Three Billboards Outside Ebbing, MO (Blueprint Pictures, 2017)
This critically acclaimed movie has an awful lot of swearing—nearly 100 f-bombs by some counts—and an awful lot of misery, too. It focuses on a grieving mother (Frances McDormand) whose teenage daughter was raped and killed. Since police have made no progress in the case, the angry Mildred plasters accusatory anti-cop messages on three local billboards, inadvertently setting off a minor civil war in which one reprisal tops another in violence and cruelty.
Yet writer-director Martin McDonagh eventually offsets the grief and bloodshed by forcing both characters and viewers to recognize that at some point you have to let go of your anger, your hatred, and your vengeance. The message of love and empathy blooms fragrantly for all its subtlety—aided by superb performances from McDormand, the under-recognized Sam Rockwell as a racist deputy, and Woody Harrelson as a beloved sheriff with an uncanny knowledge of what folks need to hear for their own healing—and for that of his broken little town. (R)
All the Money in the World (Scott Free Productions, 2017)
Surprise, surprise: A fiercely suspenseful tale that has virtually no action whatsoever. What it does have is a hair-raising real-life story (with the usual Hollywood embellishments) about the kidnapping of J. Paul Getty’s grandson in Rome in 1973. Veteran director Ridley Scott (Alien, Gladiator, The Martian) keeps the whole thing so low-key that you can scarcely believe how agonizing the final scenes are as we wonder whether young Paul will be okay.
Christopher Plummer will likely nab another supporting-Oscar nomination for his work as Getty, especially since he came in at the last minute—well after the film had wrapped—replacing Kevin Spacey in the wake of sexual-misconduct allegations. Scott and crew reshot all of Getty’s many scenes in a mere nine days; and I can’t even imagine how they pulled it off, especially considering all the costumes, co-stars, and complicated location shooting.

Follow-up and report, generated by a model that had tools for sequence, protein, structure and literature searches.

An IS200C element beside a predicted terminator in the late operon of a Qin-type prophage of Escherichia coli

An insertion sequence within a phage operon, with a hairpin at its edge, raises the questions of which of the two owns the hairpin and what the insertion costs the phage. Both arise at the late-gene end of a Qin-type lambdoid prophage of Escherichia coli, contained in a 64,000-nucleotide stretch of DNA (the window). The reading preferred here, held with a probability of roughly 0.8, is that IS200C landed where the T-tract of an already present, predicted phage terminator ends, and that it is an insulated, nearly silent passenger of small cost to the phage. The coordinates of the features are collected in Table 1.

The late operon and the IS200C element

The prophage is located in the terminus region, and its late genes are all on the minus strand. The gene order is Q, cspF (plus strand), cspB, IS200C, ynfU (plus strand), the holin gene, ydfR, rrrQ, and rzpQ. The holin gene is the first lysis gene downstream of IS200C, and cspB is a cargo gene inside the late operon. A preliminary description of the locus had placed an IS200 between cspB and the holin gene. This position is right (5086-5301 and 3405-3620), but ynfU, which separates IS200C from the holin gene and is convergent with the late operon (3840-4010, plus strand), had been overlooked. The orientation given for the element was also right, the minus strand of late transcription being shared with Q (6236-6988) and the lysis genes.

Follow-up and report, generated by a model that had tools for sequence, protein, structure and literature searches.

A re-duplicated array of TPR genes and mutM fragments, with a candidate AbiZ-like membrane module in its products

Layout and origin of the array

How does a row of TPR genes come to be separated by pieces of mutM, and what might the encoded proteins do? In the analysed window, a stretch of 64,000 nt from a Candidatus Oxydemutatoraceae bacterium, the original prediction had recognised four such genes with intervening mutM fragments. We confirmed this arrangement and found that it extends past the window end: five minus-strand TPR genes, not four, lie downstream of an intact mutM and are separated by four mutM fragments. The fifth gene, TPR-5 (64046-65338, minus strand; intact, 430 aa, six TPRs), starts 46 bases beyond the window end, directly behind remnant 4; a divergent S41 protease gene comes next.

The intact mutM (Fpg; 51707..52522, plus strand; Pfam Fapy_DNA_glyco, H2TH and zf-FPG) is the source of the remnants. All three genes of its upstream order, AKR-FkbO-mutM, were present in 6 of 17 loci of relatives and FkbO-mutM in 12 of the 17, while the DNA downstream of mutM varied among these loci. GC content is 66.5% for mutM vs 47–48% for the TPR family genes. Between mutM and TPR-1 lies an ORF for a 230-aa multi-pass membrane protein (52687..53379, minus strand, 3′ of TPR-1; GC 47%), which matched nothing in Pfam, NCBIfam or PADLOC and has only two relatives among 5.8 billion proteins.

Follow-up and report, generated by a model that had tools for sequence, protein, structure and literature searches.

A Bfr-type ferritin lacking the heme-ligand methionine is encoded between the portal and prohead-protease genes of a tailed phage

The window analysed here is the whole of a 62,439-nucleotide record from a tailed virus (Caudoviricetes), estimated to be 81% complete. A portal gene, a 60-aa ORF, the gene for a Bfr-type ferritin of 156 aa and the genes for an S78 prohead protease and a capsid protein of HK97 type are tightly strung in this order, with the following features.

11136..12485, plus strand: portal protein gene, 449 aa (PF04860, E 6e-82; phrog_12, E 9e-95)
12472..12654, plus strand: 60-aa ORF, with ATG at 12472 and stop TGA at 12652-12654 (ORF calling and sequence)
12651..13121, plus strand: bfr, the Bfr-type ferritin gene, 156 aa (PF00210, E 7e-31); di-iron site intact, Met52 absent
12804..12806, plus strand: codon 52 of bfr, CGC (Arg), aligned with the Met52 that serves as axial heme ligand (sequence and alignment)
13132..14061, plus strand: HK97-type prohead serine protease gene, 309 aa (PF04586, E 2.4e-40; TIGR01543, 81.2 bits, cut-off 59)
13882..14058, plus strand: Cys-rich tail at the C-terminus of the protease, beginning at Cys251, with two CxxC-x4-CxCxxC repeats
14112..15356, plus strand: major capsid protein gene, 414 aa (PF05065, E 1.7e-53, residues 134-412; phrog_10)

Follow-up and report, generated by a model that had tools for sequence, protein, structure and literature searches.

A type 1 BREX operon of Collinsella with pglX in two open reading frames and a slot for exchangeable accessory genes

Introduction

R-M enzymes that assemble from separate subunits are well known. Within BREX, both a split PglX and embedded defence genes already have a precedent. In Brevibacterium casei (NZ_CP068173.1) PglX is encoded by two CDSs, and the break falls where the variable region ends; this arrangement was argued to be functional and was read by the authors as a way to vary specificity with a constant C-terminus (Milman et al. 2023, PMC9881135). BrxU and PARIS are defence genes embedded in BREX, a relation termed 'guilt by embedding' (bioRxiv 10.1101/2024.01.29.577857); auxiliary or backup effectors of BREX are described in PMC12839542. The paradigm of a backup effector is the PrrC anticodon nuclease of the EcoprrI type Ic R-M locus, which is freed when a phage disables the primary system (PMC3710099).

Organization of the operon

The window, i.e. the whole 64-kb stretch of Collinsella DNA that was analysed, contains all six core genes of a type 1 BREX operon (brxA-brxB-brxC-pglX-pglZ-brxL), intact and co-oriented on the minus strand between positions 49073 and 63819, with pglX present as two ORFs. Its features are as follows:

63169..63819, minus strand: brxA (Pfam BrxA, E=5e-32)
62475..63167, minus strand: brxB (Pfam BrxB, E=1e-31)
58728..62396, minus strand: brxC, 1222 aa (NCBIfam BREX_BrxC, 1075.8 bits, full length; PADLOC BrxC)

Though it also stars Mark Wahlberg and an excellent Michelle Williams as the stricken mother, its strongest work is from young Charlie Plummer (no relation) as the kidnapping victim. Kudos also to David Scarpa for a smart, edgy script laced with pithy insights about money and privilege. Among its many triumphs is a telling meditation on the burdens of wealth. I can’t think of another movie that will make you so glad you aren’t rich. (R)
Wonder (Lionsgate, 2017)
Based on R. J. Palacio’s bestseller, this spellbinding tale concerns young Auggie March, a boy with a big heart but also a horrific facial deformity that nearly scuttles his entrance into private school after years of education at home. Buoyed by sensational performances—especially Julia Roberts as Mom and Izabela Vidovic as Auggie’s older sis—the film deftly sidesteps manipulation and artifice by focusing on everybody’s problems, not just Auggie’s. Simultaneously painful and inspiring, it may be the best movie ever made about bullying. Several viewers told me they spent most of the film in tears—but a lot of this was happy crying, so that’s a good thing.
My favorite film of 2017, Wonder is very family-friendly despite its edgy subject-matter; even kids down to ages six or seven seem to love it. (PG)
Despite the ongoing flood of franchise films, action movies, crass R-rated comedies, and big-budget spectacles, there’s still plenty of tasty and thoughtful cinema out there.
Here’s hoping the 2018 holiday season is similarly fruitful.